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KTP helps create a psychologically informed and therapeutic service for children awaiting adoption

Posted on 28/06/2019

St David’s Children Society partners with Cardiff University’s Psychology & Business Schools to offer effective intervention and prevention support.

In this Knowledge Transfer Partnership, funded by the Welsh Government, St David’s Children Society* has worked with Cardiff University’s School of Psychology and Business School to implement closer cross sector collaborative working and develop new methodologies in delivering an individualised recruitment and support service for priority children waiting 12 months or more for a family. It utilises clinical psychologist and therapeutic social worker input to offer effective early intervention and prevention support.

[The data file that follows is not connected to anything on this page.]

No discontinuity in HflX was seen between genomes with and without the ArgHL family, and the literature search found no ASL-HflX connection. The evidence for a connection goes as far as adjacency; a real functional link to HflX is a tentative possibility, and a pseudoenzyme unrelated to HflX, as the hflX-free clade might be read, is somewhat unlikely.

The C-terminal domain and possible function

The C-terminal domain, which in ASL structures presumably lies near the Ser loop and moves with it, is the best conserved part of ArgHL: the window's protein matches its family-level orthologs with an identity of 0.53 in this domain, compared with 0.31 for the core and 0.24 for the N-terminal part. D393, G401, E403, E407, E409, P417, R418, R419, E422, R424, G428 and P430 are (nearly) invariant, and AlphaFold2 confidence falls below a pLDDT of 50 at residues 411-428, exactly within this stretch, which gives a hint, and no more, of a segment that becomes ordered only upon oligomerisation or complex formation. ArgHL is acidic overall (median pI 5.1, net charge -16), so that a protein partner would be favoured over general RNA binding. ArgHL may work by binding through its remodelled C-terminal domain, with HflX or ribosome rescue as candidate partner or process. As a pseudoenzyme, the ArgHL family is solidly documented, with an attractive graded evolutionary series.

Fast Facts about this case study

  • Use of ISO44001 to devise a Joint Relationship Management Plan and Collaborative Agreement to support the joint service delivery of the three voluntary adoption agencies in Wales (St David’s Children Society, Barnardo’s and Adoption UK)
  • Service Level Agreements established between the Voluntary and Statutory sector organisations.
  • A unique and innovative service developed which offers an individualised placement strategy for children and embeds psychological input throughout.
  • In first year of delivery 12 children have been placed with adoptive families.